The park, itself, has changed over the years. From its original 360 acres, it has grown to a whopping 1,833 acres today. Many features were added by the Civilian Conservation Corps in the 1930s.
From November 1933 to July 1935, CCC Company 589 constructed shelter houses, an old stone bridge, fire tower, recreation hall, and gatehouse. In the 1970s, campgrounds, a nature center, and an Olympic-sized swimming pool were added. The park’s recreation hall, stone arch bridge over Echo Canyon, and gatehouse are listed on the National Register of Historic Places.
Today, some of the most popular attractions at McCormick’s Creek State Park include visiting the park’s waterfalls (there are few natural waterfalls in Indiana due to the state’s relatively flat topography), exploring the site’s canyon, and visiting the Old Statehouse Quarry. The Wolf Cave Nature Preserve is another favorite destination, especially for the more adventurous visitors.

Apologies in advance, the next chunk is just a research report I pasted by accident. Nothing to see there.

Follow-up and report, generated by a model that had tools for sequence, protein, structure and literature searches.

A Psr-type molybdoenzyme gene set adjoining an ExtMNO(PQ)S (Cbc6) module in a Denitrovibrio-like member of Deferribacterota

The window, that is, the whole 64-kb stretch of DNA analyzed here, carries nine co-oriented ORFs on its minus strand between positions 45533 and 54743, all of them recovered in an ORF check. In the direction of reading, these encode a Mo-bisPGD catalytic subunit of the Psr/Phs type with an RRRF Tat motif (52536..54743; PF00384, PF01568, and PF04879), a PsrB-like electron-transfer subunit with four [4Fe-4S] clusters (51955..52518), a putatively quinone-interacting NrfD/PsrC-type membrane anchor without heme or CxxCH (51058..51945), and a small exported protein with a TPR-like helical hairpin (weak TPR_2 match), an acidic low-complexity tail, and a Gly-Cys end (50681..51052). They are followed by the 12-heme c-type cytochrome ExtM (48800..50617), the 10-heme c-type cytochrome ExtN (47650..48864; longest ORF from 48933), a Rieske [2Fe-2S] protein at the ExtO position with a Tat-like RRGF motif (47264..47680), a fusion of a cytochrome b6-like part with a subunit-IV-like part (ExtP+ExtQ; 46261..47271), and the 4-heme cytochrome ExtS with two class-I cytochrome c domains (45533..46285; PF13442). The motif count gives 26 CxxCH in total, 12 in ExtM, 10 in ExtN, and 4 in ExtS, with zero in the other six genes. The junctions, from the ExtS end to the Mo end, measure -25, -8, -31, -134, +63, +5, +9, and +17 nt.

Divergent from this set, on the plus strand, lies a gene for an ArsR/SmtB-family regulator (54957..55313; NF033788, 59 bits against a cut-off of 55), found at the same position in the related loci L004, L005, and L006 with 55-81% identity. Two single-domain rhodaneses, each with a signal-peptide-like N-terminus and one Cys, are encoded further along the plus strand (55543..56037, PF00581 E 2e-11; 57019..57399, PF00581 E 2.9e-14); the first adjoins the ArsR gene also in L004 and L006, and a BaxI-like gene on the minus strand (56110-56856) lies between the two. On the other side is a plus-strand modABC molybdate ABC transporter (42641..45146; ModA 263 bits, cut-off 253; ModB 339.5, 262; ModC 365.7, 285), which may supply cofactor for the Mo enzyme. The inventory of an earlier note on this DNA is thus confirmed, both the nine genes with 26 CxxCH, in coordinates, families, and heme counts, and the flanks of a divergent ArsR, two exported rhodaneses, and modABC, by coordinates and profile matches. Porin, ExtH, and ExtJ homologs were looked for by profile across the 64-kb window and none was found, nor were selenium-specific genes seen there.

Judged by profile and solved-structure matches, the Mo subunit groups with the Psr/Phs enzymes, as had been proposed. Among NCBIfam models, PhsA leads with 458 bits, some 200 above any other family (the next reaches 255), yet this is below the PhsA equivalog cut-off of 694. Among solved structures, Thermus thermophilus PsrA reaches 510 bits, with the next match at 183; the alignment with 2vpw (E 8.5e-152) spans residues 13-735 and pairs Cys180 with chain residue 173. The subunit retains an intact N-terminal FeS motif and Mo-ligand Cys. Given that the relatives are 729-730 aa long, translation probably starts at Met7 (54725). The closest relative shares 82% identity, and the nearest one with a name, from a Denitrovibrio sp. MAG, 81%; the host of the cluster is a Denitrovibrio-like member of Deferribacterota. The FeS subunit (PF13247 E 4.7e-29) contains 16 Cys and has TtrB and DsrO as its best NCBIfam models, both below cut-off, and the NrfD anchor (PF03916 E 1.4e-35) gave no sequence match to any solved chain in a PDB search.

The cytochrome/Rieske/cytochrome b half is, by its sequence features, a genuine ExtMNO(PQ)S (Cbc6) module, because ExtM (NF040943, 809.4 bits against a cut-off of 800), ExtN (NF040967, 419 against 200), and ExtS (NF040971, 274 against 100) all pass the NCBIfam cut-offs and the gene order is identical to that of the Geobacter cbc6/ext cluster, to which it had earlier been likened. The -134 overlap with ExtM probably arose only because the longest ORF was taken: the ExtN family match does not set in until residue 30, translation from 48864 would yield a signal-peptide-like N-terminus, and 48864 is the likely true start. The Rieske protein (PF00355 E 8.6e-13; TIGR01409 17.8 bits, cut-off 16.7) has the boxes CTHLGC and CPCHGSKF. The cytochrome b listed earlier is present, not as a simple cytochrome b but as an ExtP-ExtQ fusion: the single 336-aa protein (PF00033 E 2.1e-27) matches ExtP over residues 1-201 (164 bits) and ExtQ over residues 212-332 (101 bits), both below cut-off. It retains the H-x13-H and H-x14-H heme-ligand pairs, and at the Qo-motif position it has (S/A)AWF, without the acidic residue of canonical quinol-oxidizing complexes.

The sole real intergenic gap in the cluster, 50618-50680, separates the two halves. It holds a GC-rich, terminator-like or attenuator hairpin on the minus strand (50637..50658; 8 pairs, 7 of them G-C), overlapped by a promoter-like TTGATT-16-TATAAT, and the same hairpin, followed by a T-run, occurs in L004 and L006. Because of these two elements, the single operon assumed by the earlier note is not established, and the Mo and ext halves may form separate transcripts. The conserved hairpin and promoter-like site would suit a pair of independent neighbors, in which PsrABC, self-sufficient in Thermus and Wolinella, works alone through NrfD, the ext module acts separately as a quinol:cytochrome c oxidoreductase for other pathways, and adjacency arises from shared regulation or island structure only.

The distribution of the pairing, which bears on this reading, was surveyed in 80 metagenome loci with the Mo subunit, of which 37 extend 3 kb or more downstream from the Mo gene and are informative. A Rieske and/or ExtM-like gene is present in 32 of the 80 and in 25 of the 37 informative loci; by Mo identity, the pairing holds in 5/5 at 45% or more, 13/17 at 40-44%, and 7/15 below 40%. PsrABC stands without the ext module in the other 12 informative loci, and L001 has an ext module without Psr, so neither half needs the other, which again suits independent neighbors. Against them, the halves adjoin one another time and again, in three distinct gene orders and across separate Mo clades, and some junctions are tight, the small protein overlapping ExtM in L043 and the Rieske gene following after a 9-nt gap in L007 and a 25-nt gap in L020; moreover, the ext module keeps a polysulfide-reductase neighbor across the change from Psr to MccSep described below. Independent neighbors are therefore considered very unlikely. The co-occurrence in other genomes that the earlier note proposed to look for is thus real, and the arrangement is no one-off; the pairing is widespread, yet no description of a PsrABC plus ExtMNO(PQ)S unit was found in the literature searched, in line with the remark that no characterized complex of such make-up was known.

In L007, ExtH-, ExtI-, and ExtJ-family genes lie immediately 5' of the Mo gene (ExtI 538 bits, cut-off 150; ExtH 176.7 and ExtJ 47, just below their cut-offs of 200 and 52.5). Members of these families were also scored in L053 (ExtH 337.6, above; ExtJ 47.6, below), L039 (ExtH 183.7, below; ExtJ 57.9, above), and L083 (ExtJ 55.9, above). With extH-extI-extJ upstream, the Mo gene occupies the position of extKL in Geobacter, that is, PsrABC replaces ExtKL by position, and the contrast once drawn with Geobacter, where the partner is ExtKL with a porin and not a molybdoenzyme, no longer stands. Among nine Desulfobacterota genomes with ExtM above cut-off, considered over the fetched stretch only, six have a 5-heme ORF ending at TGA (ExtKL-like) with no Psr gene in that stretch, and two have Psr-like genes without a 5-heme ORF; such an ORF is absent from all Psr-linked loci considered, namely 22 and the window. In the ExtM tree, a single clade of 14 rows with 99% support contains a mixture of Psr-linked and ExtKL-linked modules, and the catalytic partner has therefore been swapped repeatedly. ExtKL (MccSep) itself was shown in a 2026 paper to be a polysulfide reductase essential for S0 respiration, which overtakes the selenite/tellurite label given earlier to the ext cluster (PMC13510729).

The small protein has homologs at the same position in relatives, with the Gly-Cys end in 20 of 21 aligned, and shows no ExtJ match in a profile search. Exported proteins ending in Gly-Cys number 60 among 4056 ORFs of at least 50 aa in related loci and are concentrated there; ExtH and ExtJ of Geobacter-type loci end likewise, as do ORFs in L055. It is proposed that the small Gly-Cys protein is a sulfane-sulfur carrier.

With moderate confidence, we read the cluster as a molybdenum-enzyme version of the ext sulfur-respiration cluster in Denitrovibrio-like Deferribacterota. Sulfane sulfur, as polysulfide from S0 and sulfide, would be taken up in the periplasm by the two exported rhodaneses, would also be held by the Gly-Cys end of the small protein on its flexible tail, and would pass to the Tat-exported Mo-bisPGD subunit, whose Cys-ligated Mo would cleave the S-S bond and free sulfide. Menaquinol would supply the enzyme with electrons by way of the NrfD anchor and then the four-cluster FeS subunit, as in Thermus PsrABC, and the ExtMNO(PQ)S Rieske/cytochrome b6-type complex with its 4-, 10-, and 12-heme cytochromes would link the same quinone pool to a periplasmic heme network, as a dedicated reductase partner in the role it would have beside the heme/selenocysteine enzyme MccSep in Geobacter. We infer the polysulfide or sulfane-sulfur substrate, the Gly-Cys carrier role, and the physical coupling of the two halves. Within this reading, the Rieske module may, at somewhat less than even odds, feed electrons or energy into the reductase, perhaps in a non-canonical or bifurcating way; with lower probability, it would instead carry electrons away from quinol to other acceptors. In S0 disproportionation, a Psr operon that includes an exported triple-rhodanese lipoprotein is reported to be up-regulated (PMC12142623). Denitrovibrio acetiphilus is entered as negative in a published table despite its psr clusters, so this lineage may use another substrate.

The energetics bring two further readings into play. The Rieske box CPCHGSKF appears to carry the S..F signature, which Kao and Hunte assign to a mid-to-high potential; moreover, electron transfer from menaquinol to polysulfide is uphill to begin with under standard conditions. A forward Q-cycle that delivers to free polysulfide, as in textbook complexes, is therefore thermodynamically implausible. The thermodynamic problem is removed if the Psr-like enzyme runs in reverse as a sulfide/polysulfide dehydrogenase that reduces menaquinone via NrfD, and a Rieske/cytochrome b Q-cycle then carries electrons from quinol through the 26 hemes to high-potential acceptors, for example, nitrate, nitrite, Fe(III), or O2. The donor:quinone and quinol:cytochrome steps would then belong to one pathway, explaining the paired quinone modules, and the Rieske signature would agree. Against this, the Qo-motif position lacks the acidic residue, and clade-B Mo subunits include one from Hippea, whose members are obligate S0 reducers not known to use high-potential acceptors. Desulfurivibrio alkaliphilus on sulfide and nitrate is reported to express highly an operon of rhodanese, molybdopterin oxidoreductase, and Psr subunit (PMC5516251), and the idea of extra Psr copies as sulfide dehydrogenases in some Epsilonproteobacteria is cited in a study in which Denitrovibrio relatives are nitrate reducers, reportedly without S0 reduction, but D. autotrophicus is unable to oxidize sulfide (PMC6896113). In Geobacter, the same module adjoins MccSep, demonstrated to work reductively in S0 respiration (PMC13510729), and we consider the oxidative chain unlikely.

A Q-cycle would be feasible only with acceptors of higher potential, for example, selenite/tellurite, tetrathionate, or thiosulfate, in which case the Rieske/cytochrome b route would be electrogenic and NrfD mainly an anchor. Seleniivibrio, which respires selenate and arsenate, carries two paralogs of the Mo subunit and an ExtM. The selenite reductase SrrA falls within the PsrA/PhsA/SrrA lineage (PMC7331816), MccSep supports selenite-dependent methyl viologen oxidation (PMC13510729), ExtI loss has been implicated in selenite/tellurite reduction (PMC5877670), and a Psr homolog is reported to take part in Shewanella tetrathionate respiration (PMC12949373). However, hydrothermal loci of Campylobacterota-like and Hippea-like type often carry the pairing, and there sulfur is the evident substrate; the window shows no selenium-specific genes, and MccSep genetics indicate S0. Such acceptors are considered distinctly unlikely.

Recreational activities also abound, including horseback riding, hiking, swimming, and fishing. Over 100 years after first opening its doors as Indiana’s first state park, McCormick’s Creek remains a favorite recreational destination for many Hoosier families.
Want to Know More?
The Indiana DNR always does a great job producing clear, concise maps, and HERE’S ONE for anyone wishing to visit this central Indiana treasure. It includes the locations of trails and landmarks, a brief history of the area, and a rundown of the camping amenities.